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On to Greater Heights: Erin Entrada Kelly Takes the Leap, Overcomes Fears in New Book

On to Greater Heights: Erin Entrada Kelly Takes the Leap, Overcomes Fears in New Book

After the critical success of Hello, Universe, We Dream of Space, and The Land of Forgotten Girls, Newbery Medal winner Erin Entrada Kelly began to wonder about her 6th book. Her editor suggested writing for younger middle grade readers, but she immediately doubted the idea.

 “Who would want to read about my childhood?” Kelly said, laughing in an interview with Fully Booked.

As a child, Kelly would often keep to herself: reserved and quiet, she always felt lonely and thought everyone else was braver than her. “I was even scared to climb a tree because I thought I would fall.”

Fortunately, she took the leap in writing Maybe Maybe Marisol Rainey, a story about Kelly’s life that she thought was too ordinary, but would later on capture the hearts of kid and adult readers all over the world.

Kelly draws (literally) inspiration from herself

Maybe Maybe Marisol Rainey is a book about an 8-year-old girl named Marisol whose mother was born in the Philippines and whose father works and lives part-time on an oil rig in the Gulf of Mexico. She is gripped with an anxiety that hinders her from doing things: Marisol is scared of new places, swimming, being alone in the car, and loud relatives.

Ultimately, the novel explores the themes of fear, courage, family, and friendship—taking readers on a journey of letting go and acceptance.

“Marisol is based a lot on me, I would worry all the time just like her,” Kelly said. “But as I got older and started to interact with young readers, I realized this is not a unique thing. This is something we all share. We all know what it’s like to be afraid.”

As an adult, Kelly has learned to overcome her anxieties and has found ways to continuously grow as a writer and creative person in general. Maybe Maybe Marisol Rainey is not just a book about endearing insights, but it also features beautiful illustrations drawn by the author herself.

“This is the first book that I’ve illustrated. I’m more of a writer than an illustrator so to see the end product was so rewarding for me,” she said. “When I was growing up, I saw a lot of characters that had blonde or brown hair. I really want readers with black hair, especially with Asian descent to be able to say, ‘Oh! That’s what my hair looks like.’”

Just like how Marisol was able to overcome her fears, Kelly stressed out how important it is to get out of your comfort zone: “It keeps life interesting, when you’re doing something new. It makes you evolve as a person and human being, to be able to experience things that are outside of your bubble.”

The power of stories

One of the things that helped Kelly discover more of herself and unlock her potential is through reading books; she knows how much impact these stories can have because she first-handedly experienced this. Those tales her mother would share to her—stories about the saints and characters from the Bible—continued to live on.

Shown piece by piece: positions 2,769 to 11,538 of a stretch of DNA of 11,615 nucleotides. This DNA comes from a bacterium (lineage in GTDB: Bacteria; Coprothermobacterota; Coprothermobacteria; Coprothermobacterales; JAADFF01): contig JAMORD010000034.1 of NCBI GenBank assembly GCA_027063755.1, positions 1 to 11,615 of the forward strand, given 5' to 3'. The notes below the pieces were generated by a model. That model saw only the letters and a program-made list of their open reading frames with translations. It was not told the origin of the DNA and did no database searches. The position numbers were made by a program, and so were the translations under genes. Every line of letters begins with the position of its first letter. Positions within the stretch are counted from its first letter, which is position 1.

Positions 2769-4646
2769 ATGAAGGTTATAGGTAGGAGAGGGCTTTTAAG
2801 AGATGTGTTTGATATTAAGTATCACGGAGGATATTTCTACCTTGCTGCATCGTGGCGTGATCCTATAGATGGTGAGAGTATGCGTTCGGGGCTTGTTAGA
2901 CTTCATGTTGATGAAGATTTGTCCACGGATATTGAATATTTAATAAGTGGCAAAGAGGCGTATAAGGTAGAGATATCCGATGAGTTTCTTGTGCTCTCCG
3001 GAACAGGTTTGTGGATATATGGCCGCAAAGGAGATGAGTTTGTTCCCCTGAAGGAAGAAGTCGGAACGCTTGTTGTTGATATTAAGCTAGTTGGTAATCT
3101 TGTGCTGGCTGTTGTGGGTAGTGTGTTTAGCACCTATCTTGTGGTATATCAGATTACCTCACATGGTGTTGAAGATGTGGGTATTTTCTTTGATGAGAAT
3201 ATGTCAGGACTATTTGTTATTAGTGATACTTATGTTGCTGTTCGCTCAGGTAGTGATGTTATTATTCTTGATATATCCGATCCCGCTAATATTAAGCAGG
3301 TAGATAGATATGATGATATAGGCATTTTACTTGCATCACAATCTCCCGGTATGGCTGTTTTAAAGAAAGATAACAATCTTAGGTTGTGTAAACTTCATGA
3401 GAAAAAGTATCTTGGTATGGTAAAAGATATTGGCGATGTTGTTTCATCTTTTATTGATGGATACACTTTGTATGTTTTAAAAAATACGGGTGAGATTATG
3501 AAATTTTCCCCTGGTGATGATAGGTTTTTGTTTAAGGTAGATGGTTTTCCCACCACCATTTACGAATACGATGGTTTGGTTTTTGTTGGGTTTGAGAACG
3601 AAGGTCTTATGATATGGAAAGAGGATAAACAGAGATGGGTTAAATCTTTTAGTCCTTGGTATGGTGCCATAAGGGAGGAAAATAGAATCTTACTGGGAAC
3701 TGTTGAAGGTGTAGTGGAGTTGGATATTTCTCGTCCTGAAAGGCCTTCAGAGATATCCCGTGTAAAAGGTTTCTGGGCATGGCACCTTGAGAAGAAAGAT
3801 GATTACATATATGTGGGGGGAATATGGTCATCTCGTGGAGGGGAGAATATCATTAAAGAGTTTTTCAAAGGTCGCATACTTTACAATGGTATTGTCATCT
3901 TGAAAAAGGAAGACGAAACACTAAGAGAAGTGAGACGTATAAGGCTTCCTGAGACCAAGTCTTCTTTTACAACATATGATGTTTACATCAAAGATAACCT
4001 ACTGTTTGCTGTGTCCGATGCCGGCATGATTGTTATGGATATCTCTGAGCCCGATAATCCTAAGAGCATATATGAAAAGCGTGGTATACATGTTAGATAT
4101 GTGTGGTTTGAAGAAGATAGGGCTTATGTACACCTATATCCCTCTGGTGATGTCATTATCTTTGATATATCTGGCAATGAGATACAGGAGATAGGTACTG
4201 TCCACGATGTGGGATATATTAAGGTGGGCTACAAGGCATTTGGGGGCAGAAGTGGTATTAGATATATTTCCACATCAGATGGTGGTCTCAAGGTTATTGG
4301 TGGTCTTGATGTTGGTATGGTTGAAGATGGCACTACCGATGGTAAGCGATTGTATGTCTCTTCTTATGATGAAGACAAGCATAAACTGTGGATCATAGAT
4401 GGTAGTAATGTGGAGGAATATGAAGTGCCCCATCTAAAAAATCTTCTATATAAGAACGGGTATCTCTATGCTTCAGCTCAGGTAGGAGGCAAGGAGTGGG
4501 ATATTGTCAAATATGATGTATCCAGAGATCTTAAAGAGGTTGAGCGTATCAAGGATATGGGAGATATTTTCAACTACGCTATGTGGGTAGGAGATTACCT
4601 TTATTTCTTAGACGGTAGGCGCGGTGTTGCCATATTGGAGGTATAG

Now, in all her books including Maybe Maybe Marisol Rainey, Kelly tries to infuse the themes she used to hear from before—of suffering and triumph—to remind readers, especially children, that they are not alone.

“All my characters who need and want to feel seen but who don’t. And who always don’t have a lot of self-belief. And it’s important for me that the character finds that through the journey of the novel, but also remains true to who they are.”

“I want the message to be… If you’re shy, that’s okay. And you can be who you are. You don’t have to change. Each of my books is like you don’t have to change the core of who you are. All you have to do is be the best version of yourself and love that version of yourself.”

While some may have a difficult time finding that best version of themselves, Kelly holds on to the hope that she’ll be able to help readers start their journey of self-acceptance through her books.

“Hopefully, young readers who are anxious and stressed or have a lot of fears or are kind of quiet will be seen when they read this,” she shared. “The power of stories to be able to create light when there is no light, that’s what stories do for people.”

Just like the time when she was 10, reading Judy Blume’s The Very Worried Walrus and felt like the author saw her when nobody else did, it’s now Kelly’s turn to shed light to young readers through her books—one story at a time.

Watch the full video of the Fully Booked Chats with Erin Entrada Kelly on the Fully Booked Facebook page. You may also order Maybe Maybe Marisol Rainey and other Erin Entrada Kelly titles on Fully Booked.

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